Me And De (the same De in the picture with Eddy in the previous post) last stop on my 1977 Atlantic Coast Bicycle Trip
Vancouver Island, B.C.
Alive in mystery, I swoon once again
to the powerful rhythms
of churning greens,
and whitewater wisps.
I move in your presence and light.
Okay, so what’s new! The above poem is not going to get written right now.
It took two and half hours just to get this far and it certainly
isn’t the fault of my surroundings. I’m sitting on a rock overlooking
the larger falls in Little Qualicum Park. I really love this place. I
took a day off just to bicycle here. Thirty miles out of my way
and all I’ve got is this unfinished poem to show for it. In a very
short time I will be heading back to spend $5.50 for a place to camp
and a shower. As I breathe deep and look around, though, I guess
I’m pretty happy to be here.
It was a two-hour ferry ride over to Victoria from Port Angles and fortunately the
rain let up some on the way over. To avoid getting wet, I set up
camp in the woods (it was almost dark) and, wouldn’t you know it, a park
ranger spied my tent through the trees and paid me a visit. He told me
the campground was three miles down the road, and I could
camp there. Just what I needed, a command to tear down my wet tent and
ride three miles just so I could re-erect my slimy, dirty, tent in the
dark, and for what,– to satisfy this asshole ranger who wants to throw
his weight around. As I was rolling up my sleeping bag, the guy came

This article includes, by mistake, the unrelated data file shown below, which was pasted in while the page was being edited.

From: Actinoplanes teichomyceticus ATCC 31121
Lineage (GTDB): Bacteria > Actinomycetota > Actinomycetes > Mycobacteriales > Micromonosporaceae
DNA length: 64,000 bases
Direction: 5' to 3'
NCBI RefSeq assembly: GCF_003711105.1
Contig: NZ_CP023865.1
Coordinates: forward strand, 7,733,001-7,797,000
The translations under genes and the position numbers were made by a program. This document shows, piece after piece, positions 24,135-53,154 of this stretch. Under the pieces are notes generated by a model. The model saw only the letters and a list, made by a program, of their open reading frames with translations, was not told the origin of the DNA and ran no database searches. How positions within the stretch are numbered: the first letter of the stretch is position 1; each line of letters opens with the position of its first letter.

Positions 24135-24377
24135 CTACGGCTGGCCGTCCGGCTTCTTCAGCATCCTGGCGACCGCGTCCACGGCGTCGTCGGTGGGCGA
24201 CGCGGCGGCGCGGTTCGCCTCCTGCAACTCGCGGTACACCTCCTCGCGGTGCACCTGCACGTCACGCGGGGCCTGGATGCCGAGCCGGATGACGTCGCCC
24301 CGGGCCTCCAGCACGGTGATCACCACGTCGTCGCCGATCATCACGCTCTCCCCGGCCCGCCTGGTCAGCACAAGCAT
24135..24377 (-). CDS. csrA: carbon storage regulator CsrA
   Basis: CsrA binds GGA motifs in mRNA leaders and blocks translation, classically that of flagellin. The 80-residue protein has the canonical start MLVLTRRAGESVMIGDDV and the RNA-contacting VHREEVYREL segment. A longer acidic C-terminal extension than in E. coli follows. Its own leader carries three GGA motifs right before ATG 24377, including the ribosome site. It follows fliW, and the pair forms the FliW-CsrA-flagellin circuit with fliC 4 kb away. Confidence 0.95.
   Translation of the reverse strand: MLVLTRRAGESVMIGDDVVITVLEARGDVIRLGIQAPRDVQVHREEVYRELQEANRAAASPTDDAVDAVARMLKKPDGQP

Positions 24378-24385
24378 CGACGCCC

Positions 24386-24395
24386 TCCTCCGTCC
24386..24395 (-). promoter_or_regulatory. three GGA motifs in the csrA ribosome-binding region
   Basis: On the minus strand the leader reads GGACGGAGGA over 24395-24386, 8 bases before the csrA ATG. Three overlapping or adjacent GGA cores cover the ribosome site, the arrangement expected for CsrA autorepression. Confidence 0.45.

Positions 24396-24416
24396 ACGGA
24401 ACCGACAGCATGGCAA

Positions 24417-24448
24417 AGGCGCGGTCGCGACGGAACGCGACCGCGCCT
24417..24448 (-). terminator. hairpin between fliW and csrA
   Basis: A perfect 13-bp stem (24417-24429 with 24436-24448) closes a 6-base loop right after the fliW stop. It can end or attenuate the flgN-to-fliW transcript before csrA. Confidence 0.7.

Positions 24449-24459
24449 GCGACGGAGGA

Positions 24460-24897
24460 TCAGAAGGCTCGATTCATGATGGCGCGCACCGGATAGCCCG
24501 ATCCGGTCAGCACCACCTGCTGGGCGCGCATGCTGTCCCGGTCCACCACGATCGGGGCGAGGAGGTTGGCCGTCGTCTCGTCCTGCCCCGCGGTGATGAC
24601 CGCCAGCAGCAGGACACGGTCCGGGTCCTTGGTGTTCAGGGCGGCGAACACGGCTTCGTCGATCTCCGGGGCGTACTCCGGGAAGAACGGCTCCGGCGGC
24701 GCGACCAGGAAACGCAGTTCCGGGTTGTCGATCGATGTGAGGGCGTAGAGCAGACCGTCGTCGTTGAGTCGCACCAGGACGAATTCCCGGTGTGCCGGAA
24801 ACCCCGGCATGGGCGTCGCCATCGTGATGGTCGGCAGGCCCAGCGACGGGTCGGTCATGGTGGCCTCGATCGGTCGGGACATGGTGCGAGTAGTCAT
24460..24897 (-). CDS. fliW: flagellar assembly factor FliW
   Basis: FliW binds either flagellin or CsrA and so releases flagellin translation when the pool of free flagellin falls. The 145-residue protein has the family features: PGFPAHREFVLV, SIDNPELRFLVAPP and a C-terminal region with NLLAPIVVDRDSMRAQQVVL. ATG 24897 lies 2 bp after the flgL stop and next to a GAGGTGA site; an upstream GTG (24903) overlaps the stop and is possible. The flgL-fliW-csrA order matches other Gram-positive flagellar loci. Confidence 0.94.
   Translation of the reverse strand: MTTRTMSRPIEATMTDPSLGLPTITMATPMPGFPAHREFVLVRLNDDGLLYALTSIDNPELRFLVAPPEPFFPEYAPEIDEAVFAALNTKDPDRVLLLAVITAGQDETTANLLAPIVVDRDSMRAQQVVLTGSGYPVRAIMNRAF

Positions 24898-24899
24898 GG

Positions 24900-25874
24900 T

back and offered me a ride to the campground. I declined his invitation. When
he drove away, I found another spot to camp, only this time it was definitely
out of sight of the highway—hidden by the wet, black, darkness.
Having survived the night, but not very well, I tried not to think
about Ranger Right. Biking in the morning rain, I vowed to get a
hotel room at the end of the day. In Nanimo, some forty miles down
the road, I looked for a room, but it was tourist season, and they were
all full. By the time I reached Parksville, another twenty miles, my wet
clothes had pretty much dried out. Upon entering a hotel, I went straight to the bar.
The sun had tried, but failed, to poke its head out of the clouds, and by
the time I had finished my third beer, I had pretty much forgot what
the old boy looked like. Outside, I decided to push on. Not far from
Parksville, I found a spot for my tent and was able to let it dry out
before I called it a night.